, Volume 23, Issue 8, pp 735-743
Date: 06 May 2008

Female fertility and colorectal cancer

Rent the article at a discount

Rent now

* Final gross prices may vary according to local VAT.

Get Access



It is estimated that the incidence of cancer in women aged 40 years or less is 8%. Females under the age of 40 are in their childbearing years. In the Western world, colorectal cancer (CRC) is the most common malignancy of the gastrointestinal tract. It is the third most commonly diagnosed cancer and the second leading cause of cancer-related death in the USA. The incidence of CRC in patients under 40 is 3–6%. Over the past decades, there has been a significant improvement in survival rates due to progress in cancer treatment, including CRC. This has been achieved with advances in adjuvant chemotherapeutic regimens. In the case of locally advanced rectal cancer, radiation therapy is also used. Treatment for CRC may have adverse effects on female fertility. The purpose of this paper is to discuss the effects of treatment of CRC on female fertility as well as the options for fertility preservation.

Materials and methods

A review of relevant English language articles was performed on the basis of a MEDLINE search of the keywords: female, fertility, fecundity, colon, rectal cancer, fertility preservation, chemotherapy, and radiation.


Surgical resection for colon cancer possibly has no effect on female fertility. Resection below the peritoneal reflection may adversely affect fertility, based on lower fertility and fecundity rates associated with pelvic surgery for ulcerative colitis and familial adenomatous polyposis. Standard 5-FU-based chemotherapy may not have significant effects. The advent of oxaliplatin in adjuvant chemotherapy may be more harmful. Adjuvant and neoadjuvant radiation therapy may cause premature ovarian failure using current dosing schedules. The effect of pregnancy and female hormones on the incidence, progression, and recurrence of CRC remains unclear. Established methods for fertility preservation include ovarian transposition and embryo cryopreservation. Oocyte cryopreservation has yielded inferior results. An investigational fertility preservation method is ovarian tissue cryopreservation, with promising results. Ovarian suppression and the use of apoptotic inhibitors are also investigational at present.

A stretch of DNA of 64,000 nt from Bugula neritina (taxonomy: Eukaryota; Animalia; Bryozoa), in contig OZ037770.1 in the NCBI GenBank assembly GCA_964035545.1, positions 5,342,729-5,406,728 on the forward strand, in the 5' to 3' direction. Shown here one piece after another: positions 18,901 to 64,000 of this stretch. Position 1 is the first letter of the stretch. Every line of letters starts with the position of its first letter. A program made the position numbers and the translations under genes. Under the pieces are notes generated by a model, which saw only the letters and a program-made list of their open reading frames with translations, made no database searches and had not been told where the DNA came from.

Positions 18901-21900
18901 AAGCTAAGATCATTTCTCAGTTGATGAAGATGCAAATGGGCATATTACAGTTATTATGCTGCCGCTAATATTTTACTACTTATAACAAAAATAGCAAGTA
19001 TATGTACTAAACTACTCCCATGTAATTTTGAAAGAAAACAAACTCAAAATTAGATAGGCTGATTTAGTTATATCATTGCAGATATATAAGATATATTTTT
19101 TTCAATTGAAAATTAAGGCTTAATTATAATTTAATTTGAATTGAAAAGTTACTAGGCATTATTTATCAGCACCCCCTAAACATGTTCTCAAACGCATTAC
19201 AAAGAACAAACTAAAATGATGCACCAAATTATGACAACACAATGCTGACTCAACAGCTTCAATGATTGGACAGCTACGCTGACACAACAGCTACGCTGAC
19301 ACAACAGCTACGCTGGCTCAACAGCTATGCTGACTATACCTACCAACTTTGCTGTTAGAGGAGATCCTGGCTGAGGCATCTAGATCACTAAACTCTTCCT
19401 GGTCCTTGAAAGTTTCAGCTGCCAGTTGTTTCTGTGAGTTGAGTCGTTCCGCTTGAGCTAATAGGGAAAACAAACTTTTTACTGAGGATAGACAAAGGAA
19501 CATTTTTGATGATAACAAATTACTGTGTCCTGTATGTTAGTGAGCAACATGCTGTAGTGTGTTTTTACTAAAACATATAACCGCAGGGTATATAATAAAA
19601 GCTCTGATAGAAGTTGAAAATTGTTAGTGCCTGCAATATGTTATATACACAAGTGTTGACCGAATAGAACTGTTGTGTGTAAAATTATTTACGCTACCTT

Young female patients need to be informed about the effects of treatment on fertility and options for fertility preservation. A multidisciplinary approach for appropriate consultation of these patients is mandatory.